Only in Italy would it be appropriate for someone to offer a cigarette to those running past while taking a swig of his beer.  It did however not overly offend as he was present for the start of the race as we were, and had clapped and cheered for the entire hour we had been there.  It was such a lovely atmosphere, with all walks of life surfacing to encourage those running.  Our children lost interest, but were happy to ride their scooters in the background and pick some really pretty weeds out of the local garden.  As we cheered for the runners, most waved, clapped there hands in the air, thanked us, and cheered on others also.  A great community spirit.

So with vision of matching sweat bands and colour co-odinated streamers off the pram, I asked our daughter if we could all go in the race next year, (perhaps just the 10km).  She seemed very excited and instructed me to make shirts for the whole family to wear straight away, (good to see she was also obviously considering the colour co-ordination).  I tried to explain it was a year away, children do not exactly have the best concept of time, so the easiest solution was "It will be after Christmas and your Birthday", the 2 most important things to a 3 year old.  So now my goal over the next year, is not only to train to run 10km pushing a pram, (which will prove awkward on the treadmill at the gym), but also to tame my child's competitive nature so she does not turn hulk on all those fellow participants that finish before her! I was given the silent treatment last night because I beat her in a race to the toilet!  No idea where she gets these personality traits from?
Picking some pretty weeds

Offering support by offering cigarettes and beer

Wednesday, March 23, 2011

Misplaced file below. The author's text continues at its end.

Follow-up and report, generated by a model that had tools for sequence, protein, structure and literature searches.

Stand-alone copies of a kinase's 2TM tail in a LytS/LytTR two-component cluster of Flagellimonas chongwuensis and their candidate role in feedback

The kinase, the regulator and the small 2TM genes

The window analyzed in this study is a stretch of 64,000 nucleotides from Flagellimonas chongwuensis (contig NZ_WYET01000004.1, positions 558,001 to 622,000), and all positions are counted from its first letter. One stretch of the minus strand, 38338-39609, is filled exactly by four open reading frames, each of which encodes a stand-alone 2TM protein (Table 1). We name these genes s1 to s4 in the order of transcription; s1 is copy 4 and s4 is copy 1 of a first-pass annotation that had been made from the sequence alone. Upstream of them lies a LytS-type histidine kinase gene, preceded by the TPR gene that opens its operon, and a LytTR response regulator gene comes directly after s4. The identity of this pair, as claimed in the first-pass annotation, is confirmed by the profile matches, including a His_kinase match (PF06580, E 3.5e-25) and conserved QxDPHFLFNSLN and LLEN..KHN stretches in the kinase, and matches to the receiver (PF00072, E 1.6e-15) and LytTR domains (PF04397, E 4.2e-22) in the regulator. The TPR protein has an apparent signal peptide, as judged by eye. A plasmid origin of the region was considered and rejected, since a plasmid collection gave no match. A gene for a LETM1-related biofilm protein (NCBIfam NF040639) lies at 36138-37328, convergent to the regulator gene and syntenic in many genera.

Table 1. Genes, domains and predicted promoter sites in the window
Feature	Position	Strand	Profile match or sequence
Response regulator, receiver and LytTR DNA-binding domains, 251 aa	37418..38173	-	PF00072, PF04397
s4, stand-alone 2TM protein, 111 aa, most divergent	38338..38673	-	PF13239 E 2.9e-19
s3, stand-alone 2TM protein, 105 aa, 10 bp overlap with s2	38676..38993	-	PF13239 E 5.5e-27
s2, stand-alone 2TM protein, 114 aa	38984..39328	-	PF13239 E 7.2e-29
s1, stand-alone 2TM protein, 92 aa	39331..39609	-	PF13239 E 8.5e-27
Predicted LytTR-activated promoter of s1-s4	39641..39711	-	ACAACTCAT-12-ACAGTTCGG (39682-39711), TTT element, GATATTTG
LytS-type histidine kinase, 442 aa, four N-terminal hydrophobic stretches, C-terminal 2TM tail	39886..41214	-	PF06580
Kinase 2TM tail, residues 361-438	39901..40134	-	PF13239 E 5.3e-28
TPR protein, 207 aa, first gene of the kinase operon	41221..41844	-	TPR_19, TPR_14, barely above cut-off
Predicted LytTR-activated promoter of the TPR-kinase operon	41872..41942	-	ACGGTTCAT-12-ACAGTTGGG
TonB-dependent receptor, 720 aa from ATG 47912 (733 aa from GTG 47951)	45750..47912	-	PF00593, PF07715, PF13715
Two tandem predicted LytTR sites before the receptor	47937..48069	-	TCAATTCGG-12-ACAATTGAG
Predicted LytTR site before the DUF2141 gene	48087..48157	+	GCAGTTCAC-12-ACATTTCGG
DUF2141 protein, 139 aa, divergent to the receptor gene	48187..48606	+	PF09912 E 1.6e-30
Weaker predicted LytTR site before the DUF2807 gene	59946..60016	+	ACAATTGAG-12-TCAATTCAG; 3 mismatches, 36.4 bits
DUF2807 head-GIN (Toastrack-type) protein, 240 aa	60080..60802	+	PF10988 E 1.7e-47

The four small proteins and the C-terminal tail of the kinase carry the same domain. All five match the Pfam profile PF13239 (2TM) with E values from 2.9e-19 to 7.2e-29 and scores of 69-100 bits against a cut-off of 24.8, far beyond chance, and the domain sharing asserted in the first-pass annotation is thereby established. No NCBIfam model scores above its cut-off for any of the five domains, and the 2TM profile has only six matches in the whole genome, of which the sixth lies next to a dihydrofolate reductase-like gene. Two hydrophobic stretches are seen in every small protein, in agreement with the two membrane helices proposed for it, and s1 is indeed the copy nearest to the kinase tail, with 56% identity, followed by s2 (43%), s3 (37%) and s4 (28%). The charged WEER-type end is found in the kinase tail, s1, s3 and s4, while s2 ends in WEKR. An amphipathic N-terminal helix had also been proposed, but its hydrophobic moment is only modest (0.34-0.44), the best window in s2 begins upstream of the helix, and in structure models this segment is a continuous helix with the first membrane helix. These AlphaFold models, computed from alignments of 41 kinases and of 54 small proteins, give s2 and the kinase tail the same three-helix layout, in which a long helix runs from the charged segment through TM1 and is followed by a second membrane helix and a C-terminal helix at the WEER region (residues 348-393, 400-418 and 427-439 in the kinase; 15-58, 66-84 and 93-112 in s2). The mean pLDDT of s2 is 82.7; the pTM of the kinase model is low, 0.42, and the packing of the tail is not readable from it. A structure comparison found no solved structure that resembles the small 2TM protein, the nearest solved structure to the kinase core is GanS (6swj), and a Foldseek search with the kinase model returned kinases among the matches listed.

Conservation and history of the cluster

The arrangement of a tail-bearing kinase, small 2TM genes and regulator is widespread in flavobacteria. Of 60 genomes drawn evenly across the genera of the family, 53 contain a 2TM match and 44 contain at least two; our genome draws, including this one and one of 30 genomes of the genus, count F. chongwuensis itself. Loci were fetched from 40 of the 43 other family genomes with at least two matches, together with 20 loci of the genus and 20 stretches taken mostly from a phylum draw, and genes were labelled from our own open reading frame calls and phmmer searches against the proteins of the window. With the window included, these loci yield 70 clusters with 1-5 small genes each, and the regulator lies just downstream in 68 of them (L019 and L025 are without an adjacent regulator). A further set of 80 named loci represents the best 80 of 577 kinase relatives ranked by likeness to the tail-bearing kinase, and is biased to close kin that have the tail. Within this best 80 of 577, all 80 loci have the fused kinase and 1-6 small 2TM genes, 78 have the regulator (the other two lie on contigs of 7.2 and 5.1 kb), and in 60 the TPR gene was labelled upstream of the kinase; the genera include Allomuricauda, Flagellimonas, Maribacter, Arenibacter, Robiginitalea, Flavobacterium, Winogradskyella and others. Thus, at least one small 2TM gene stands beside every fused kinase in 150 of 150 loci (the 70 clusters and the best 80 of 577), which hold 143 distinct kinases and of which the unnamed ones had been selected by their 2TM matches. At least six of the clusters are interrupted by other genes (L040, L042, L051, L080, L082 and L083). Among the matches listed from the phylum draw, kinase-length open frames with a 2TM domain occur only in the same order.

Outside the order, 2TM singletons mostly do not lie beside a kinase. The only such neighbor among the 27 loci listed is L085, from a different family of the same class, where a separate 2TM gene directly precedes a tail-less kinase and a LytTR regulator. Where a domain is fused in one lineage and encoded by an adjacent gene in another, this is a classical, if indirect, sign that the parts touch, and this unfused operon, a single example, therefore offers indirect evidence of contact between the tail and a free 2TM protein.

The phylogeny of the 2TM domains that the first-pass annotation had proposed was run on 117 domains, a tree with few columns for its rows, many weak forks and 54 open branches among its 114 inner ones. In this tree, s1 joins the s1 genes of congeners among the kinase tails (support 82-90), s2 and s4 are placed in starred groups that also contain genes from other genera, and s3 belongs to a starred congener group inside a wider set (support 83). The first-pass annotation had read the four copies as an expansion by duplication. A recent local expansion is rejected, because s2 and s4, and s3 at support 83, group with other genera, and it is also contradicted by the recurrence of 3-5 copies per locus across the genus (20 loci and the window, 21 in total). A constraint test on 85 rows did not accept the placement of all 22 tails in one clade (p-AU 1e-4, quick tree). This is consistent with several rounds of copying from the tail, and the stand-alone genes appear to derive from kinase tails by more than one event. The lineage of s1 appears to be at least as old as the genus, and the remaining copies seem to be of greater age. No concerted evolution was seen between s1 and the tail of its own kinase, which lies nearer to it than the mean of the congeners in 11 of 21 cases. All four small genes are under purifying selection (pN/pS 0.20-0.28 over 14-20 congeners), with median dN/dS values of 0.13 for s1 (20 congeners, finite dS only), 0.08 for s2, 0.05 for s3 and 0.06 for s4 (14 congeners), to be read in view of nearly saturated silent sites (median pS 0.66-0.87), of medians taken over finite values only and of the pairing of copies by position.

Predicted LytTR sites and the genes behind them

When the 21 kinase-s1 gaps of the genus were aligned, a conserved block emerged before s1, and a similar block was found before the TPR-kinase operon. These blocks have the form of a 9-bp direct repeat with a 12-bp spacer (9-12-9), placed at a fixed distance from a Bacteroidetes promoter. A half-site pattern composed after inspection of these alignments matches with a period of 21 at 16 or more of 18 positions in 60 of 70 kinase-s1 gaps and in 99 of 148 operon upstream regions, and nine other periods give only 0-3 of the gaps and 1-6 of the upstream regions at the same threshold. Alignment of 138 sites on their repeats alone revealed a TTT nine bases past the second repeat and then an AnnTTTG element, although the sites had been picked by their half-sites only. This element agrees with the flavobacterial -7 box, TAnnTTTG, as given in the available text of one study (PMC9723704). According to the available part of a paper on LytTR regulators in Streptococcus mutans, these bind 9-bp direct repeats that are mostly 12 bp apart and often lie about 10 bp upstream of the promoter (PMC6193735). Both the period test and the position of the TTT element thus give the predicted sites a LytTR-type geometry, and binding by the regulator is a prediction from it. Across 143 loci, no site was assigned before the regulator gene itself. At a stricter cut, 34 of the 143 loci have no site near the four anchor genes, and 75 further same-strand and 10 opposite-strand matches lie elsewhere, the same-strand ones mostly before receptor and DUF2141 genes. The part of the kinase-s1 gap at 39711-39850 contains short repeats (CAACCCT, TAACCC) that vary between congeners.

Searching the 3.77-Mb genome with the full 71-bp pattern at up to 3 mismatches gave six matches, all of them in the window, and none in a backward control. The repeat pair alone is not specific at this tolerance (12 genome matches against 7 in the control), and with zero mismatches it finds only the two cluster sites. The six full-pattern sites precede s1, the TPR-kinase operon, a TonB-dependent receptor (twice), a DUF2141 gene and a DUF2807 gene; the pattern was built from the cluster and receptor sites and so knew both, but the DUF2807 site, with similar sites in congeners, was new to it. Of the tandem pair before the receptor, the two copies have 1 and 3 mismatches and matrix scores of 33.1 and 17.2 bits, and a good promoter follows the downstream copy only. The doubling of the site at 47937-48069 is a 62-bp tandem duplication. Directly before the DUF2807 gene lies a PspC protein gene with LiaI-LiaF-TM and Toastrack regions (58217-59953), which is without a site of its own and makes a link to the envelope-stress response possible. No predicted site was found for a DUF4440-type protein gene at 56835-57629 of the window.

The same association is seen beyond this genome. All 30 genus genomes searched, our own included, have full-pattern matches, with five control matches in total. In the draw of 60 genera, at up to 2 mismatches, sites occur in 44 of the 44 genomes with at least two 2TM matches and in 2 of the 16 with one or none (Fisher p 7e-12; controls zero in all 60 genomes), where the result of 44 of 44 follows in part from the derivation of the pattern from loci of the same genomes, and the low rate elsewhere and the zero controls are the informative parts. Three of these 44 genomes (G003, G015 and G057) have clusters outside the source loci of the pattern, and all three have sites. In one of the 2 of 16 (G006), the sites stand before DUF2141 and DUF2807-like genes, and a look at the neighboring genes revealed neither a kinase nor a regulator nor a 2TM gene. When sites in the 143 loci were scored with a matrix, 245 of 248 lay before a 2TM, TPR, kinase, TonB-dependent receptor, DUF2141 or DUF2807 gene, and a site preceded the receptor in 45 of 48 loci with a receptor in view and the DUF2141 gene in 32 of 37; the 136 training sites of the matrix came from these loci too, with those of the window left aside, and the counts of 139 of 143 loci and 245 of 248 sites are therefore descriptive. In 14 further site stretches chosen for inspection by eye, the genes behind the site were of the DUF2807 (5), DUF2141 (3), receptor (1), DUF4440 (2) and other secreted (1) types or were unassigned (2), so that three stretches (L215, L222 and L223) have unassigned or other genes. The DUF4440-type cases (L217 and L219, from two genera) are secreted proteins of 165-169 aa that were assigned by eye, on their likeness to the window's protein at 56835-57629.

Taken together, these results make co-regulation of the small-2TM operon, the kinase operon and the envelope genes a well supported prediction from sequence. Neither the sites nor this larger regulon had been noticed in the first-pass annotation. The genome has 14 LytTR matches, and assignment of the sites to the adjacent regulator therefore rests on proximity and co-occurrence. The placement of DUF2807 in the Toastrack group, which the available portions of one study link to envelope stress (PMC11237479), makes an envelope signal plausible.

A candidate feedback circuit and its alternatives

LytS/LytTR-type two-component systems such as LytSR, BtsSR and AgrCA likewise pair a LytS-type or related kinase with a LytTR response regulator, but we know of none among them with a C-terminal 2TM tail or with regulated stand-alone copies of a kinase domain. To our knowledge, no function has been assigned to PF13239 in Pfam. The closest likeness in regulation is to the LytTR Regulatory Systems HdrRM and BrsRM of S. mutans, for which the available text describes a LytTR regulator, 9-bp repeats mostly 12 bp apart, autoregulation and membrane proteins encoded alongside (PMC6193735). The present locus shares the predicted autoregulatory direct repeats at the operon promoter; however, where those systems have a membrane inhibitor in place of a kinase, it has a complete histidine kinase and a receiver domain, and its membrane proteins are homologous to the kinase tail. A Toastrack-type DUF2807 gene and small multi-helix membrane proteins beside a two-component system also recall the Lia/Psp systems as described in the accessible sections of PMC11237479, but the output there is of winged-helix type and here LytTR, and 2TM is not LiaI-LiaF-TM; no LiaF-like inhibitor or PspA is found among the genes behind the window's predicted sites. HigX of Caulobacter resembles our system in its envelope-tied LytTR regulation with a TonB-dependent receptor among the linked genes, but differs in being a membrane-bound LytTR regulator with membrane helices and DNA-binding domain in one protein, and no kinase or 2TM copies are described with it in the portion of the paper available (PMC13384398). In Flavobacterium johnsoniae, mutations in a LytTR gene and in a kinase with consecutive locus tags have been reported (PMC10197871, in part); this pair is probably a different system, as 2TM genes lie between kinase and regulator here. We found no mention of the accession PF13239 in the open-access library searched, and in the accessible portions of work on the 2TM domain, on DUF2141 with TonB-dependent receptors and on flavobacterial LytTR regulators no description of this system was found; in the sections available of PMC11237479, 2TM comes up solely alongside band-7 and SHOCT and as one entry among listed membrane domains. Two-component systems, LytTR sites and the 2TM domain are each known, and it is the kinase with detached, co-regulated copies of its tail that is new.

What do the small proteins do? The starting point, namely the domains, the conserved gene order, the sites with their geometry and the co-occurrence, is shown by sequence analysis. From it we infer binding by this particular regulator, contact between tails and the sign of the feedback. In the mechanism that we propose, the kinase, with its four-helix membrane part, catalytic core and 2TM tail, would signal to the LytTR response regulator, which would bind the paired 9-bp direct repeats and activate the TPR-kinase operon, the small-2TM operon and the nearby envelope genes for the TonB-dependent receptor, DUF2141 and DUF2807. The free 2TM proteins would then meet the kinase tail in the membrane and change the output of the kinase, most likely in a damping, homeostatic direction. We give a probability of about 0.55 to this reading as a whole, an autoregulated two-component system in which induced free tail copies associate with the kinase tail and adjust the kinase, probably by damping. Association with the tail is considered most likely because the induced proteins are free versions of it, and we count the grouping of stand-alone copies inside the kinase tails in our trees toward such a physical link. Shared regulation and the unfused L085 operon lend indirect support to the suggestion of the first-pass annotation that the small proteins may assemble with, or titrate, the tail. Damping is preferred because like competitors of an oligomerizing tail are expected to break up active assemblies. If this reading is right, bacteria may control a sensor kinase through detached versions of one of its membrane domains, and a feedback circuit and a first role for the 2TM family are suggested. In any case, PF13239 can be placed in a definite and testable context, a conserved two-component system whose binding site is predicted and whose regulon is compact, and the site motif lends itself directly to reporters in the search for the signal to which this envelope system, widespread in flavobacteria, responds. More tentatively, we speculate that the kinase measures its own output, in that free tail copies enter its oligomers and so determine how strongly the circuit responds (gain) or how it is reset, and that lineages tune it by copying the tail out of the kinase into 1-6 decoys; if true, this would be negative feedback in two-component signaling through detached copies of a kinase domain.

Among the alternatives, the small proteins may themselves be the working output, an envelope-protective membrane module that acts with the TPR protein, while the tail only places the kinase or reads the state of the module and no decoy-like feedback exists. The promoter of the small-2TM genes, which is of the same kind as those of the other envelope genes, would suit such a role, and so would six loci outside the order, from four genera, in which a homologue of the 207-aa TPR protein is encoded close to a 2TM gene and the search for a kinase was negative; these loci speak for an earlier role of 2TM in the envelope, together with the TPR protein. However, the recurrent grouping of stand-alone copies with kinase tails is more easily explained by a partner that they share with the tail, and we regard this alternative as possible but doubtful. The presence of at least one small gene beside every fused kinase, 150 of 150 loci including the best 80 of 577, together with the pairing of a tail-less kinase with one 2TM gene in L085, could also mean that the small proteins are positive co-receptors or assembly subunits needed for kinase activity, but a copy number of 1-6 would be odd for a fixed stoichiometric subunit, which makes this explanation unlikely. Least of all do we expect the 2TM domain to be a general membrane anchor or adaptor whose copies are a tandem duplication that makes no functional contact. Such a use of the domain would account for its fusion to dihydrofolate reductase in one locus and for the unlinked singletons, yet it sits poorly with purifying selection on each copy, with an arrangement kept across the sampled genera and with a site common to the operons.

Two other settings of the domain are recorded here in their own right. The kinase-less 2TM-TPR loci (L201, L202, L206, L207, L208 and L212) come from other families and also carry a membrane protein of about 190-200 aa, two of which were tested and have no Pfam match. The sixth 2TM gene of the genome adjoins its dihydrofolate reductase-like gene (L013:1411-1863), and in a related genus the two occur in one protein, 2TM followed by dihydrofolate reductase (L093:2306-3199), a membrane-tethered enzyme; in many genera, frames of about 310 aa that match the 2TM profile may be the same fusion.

"It's not butter"

This is this how the streets are cleaned?
We have been here for 9 months and only one fine; pretty good I think?!?  The fine was given because mercoldi (Wednesday) is street cleaning at an un-godly hour, (I tell you this because the "wererererererer" usually wakes me before the children do).  If your car is parked in the street, then you are fined, 30€ something in fact, (that I am stil currently in debt to the Milano Commune for), as those street sweepers can not get by the cars; those kerbs must be clean.  Even though not done by hand, this is obviosly a job that is taken seriouisly.
Anyhow, if you did not know, parking here is like bucks night in a strip joint, absolute mayhem, and no sense of control.  You park on the kerb, double park, footpath, why not park on top of another car like Inspector Gadget if mechanics allow?  All I am saying, is it is like a comuunal amusement park.  We left the house for an outing today and as fast as you can say "It's not butter" the carpark is gone.  Literally speaking, it is still there, a vespa has parked in my single car space on the side walk, (if I was a true Italian, I could squeeze in there, or on top!)  Not yet a true Italian, (I wax too much), the car is now parked on the kerb, and not a 'Rockstar' car park, (our reference to the closest car park to our gate entrance).

Ha ha my car is bigger than yours!!!
Anyhow, I go to move the car at night time to safe ground, (mercoldi tomorrow and do not want to justify dirty streets and another fine),  to find that I have been parked in by the LAW!!!!  Would you believe it???  So now not only is double parking 'a-ok' by hard working citizens, but the LAW (not yelling, just trying to empahsise my point), can do it too.  So I casually return to the apartment, (it is "witching hour"/ bed time, I am in no rush to be present), I retrieve my camera, and by the time I return, cars infront and behind me are gone.  So now I move my car off the street.  Who looks the fool now?  There is a police car parked in the middle of the road un-necessarrily, just screaming "I am enjoying a good happy hour, come get me later!"

Oh sorry, am I in you way???
So my endeavour to find an off-road park is not ABC.  The driveway that enters me to the land of heavenly parks is blocked by another patron thinking "I am too cool to park properly", "I am probably wearing my sunglasses at night", and "Yes, I am enjoying happy hour with my fellow police officer!"   So after a lot of driving and reversing, I manage a, shall we call "Roadie carpark", (not quite rockstar, but I still have a back stage pass).  Close, but not too far away that I plan to sell a child from the walk from the car to the apartment.

Long story short, (more like I made a short story long), I park where I want.  Not because I am arrogant, but because I have a funny feeling that if I parked my car in the middle of the road, and not on the kerb, the street cleaners would not give me a fine.  Another reason why I love Milan. Sensibility is soooo overated!